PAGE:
A U.S. Air Force RC-135 Rivet Joint spy plane reportedly violated Swedish air space in order to dodge Russian fighter jets, according to a Swedish media outlet.
According to DN.se, on July 18 the RC-135—a four-engine Boeing with sensitive receivers for detecting radar signals and other electronic emissions—was flying a surveillance mission over the Baltic Sea near Russia when Russian jets rose to meet it … and the American plane turned and fled across Sweden.
U.S. signals-intelligence aircraft from Mildenhall air base in the U.K. regularly have been flying sorties in international air space over the Baltic ever since Russia invaded Ukraine in February. The SIGINT planes help Washington monitor Russian troops’ movements.
On July 18, the Russians twice sent fighters from Kaliningrad to intercept the RC-135.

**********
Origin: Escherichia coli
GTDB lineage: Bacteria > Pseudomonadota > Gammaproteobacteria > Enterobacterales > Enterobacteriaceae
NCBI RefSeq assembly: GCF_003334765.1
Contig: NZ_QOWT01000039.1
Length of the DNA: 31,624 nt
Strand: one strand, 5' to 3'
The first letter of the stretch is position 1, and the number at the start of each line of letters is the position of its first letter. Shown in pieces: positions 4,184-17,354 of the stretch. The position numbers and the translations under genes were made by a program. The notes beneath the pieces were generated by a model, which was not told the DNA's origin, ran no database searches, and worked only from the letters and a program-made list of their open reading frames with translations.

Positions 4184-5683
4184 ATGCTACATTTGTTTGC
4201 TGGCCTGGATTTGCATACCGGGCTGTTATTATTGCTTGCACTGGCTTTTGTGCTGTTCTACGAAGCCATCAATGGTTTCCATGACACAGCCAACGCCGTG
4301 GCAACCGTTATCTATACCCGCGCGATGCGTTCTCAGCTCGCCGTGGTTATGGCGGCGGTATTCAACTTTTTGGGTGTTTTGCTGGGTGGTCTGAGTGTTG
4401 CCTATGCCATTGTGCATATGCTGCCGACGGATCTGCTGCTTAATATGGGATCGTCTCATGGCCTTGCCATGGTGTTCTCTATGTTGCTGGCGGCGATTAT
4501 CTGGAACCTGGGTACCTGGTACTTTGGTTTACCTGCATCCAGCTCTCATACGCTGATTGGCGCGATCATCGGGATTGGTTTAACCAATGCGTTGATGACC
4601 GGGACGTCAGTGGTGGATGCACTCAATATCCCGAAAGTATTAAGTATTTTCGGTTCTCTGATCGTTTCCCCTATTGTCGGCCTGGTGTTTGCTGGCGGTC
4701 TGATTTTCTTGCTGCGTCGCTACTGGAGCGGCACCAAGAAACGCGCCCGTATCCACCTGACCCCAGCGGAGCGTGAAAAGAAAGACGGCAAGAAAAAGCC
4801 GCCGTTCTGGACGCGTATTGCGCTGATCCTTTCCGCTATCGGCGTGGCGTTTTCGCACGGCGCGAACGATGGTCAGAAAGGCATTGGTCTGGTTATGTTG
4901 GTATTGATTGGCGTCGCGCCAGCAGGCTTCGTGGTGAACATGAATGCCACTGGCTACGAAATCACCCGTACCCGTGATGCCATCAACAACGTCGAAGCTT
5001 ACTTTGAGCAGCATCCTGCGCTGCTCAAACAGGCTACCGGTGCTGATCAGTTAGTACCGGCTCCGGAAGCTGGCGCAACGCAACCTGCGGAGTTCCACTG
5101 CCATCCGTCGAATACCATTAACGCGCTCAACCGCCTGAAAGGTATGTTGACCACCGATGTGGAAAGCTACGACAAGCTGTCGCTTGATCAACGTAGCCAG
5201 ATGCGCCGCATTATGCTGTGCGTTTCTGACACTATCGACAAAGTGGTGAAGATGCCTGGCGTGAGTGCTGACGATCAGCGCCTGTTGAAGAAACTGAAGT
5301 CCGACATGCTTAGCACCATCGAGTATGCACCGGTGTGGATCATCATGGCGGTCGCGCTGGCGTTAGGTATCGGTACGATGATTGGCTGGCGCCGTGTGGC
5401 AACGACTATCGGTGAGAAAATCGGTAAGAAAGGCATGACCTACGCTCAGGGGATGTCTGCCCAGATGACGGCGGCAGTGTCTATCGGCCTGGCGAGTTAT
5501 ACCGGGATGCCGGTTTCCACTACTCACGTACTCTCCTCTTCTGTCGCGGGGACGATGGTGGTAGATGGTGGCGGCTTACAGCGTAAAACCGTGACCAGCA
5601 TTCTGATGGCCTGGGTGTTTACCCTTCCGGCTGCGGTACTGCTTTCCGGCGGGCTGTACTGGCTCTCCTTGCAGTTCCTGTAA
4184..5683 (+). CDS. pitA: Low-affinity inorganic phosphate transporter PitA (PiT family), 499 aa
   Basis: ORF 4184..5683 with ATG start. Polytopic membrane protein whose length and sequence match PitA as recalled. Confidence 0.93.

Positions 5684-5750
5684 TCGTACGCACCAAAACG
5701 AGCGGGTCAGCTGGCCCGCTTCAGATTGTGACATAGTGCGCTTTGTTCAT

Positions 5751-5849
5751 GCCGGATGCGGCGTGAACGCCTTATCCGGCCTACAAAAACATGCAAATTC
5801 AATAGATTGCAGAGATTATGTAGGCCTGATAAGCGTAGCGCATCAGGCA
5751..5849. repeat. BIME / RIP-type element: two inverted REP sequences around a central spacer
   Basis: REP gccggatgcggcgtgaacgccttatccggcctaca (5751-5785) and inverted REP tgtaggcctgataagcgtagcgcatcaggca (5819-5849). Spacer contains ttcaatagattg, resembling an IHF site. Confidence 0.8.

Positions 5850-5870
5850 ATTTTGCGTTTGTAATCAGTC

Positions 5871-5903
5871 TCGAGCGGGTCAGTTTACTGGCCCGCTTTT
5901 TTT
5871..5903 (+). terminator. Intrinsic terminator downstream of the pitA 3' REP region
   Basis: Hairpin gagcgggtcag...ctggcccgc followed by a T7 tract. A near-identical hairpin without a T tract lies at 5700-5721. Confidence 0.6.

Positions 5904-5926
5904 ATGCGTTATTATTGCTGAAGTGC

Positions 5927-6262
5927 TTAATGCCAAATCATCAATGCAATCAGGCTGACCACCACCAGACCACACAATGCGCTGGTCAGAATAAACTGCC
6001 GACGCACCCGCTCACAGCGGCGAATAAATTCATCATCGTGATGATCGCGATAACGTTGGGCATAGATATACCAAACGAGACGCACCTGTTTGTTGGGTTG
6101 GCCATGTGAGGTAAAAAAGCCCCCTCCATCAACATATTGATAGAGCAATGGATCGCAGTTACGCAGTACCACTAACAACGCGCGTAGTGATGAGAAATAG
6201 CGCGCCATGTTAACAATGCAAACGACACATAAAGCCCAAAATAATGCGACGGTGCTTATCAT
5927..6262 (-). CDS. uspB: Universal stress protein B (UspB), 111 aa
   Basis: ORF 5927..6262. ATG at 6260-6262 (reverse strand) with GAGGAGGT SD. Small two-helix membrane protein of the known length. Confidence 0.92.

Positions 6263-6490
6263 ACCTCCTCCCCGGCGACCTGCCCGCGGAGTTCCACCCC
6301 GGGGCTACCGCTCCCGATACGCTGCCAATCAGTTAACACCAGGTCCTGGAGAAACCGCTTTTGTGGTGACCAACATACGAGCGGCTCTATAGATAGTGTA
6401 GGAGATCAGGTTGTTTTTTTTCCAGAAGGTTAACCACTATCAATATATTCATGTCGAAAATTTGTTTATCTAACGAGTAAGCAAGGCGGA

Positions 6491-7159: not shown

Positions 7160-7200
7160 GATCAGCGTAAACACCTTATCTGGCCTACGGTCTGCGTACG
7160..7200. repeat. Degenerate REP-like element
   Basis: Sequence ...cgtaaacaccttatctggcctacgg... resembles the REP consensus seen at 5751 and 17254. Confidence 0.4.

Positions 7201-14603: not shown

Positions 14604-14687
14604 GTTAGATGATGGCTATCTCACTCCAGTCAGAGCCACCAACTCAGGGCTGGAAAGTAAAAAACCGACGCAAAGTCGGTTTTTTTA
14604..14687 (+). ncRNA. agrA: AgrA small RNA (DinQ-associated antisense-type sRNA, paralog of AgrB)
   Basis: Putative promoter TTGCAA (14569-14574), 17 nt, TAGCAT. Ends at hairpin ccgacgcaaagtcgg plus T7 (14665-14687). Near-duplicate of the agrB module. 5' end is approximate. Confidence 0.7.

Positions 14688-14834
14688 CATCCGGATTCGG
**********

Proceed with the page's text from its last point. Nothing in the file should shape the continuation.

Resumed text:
Ordinarily, US and Russian warplanes intercepting each other isn’t a big deal. Stay in international airspace, and both sides wave to one another and snap some pictures, maybe show a Playboy centerfold to the Russians.
But things haven’t always been so friendly, especially for electronic intel birds. There’s a long list of ELINT birds shot down, either by the Russians, the Chinese, or the North Koreans. The most recent incident that comes to mind is the mid-air collision back in 2001 that led to an EP-3E making an emergency landing in China.
But it has been a long time since that happened. As one wag on Facebook noted, it’s almost as if the Rivet Joint crew listened in on orders to the Russian fighters to engage.
Sweden will no doubt lodge a protest with the US, as is right and proper. And I’m sure the mission commander will have to answer some tough questions from the chain of command. On the other hand, the mission commander is ultimately responsible for the safety of his aircraft and crew. And he was the man on the scene.